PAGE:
Bhatia and Kumar [7] have studied the multiobjective control problems under -pseudoinvexity, -strictly pseudoinvexity, -quasi-invexity, and -strictly quasi-invexity assumptions. Nahak and Nanda [8] have studied the efficiency and duality for multiobjective control problems under convexity. Again Nahak and Nanda [9] proposed a sufficient condition for solutions and duality for the multiobjective variational control problems under -invexity. Recently, Padhan and Nahak [10] considered a class of constrained nonlinear control primal problem and formulated the second-order dual. He also gave some duality results (weak duality, strong duality, and converse duality) under generalized invexity assumptions. But in our knowledge, no one has talked about higher-order duality for the control problem. In this paper, we study both Mangasarian and Mond-Weir type higher-order duality of the control primal problem (CP). We give more general type conditions that is higher-order generalized invexity under which duality holds between (CP) and (MHCD), and (CP) and (MWHVD). Our approach is similar to that of Mangasarian [1]. Again, we discuss many counterexamples to justify our work.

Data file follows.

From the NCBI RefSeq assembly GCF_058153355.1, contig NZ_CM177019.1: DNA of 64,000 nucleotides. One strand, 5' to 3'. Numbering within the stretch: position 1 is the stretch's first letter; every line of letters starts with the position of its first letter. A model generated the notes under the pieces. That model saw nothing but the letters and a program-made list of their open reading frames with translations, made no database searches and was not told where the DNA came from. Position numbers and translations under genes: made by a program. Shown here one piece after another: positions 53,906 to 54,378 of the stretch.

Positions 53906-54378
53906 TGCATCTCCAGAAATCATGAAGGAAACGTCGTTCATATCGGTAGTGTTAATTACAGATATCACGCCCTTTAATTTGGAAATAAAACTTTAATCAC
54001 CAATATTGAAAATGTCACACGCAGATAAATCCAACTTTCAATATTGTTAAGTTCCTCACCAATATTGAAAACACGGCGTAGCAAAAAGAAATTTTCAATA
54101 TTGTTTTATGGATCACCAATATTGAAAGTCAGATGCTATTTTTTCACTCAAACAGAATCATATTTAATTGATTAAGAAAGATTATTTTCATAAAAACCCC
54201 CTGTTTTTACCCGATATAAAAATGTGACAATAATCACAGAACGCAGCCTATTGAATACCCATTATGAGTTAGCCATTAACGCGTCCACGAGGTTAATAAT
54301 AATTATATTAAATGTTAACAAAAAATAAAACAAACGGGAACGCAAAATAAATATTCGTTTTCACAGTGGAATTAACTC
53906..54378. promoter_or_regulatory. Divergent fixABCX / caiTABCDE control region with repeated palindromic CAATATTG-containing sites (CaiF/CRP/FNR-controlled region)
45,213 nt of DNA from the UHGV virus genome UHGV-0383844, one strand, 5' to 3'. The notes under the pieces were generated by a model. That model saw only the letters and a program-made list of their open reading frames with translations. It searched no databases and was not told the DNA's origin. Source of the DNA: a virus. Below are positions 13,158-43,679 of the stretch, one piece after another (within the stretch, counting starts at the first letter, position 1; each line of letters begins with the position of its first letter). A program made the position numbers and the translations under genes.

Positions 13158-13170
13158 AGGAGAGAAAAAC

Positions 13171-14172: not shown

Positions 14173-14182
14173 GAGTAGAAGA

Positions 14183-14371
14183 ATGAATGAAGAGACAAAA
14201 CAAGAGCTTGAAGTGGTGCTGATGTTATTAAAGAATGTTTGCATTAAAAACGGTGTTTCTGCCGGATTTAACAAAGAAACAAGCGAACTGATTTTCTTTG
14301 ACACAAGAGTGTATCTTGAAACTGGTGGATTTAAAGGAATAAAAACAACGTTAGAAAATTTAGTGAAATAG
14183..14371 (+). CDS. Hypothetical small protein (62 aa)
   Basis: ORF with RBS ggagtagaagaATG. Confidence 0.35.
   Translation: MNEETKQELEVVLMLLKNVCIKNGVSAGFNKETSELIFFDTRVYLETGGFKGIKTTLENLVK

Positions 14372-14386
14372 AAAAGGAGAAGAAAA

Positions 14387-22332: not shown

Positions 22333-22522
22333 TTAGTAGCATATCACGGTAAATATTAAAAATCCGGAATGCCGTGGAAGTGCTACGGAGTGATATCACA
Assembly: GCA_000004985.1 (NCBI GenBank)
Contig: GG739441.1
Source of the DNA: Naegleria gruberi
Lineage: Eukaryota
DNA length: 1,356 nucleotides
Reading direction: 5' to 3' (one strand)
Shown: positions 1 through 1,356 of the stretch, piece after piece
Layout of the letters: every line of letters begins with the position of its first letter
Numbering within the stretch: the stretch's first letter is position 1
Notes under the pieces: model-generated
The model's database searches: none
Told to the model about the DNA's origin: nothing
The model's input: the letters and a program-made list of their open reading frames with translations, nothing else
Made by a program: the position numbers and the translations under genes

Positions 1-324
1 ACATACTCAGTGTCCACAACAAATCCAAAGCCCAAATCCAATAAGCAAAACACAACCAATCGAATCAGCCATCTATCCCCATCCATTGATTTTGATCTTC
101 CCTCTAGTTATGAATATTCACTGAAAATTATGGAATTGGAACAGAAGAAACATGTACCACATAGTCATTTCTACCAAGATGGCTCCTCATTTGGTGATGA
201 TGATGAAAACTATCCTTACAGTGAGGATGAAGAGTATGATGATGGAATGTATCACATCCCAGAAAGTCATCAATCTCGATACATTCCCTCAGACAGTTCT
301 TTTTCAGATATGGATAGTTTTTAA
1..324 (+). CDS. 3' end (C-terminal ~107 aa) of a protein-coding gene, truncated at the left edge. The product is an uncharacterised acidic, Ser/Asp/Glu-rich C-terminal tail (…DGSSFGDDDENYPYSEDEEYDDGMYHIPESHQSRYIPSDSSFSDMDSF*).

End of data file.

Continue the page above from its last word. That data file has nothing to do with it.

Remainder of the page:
#### 2. Notations and Preliminaries

Let denote the space of piecewise smooth functions with norm , where the differentiation operator is given by where is a given boundary value; thus, except at discontinuities.

The higher-order generalized invexity functions are defined as follows.

*Definition 2.1. *The scalar functional is said to be higher-order -invex in , , and if there exist ,, , and , such that

*Definition 2.2. *The scalar functional is said to be higher-order -pseudoinvex in , and if there exist ,, , and , such that

*Definition 2.3. *The scalar functional is said to be higher-order -quasi-invex in , and , if there exist , , , and , such that

*Remark 2.4. *If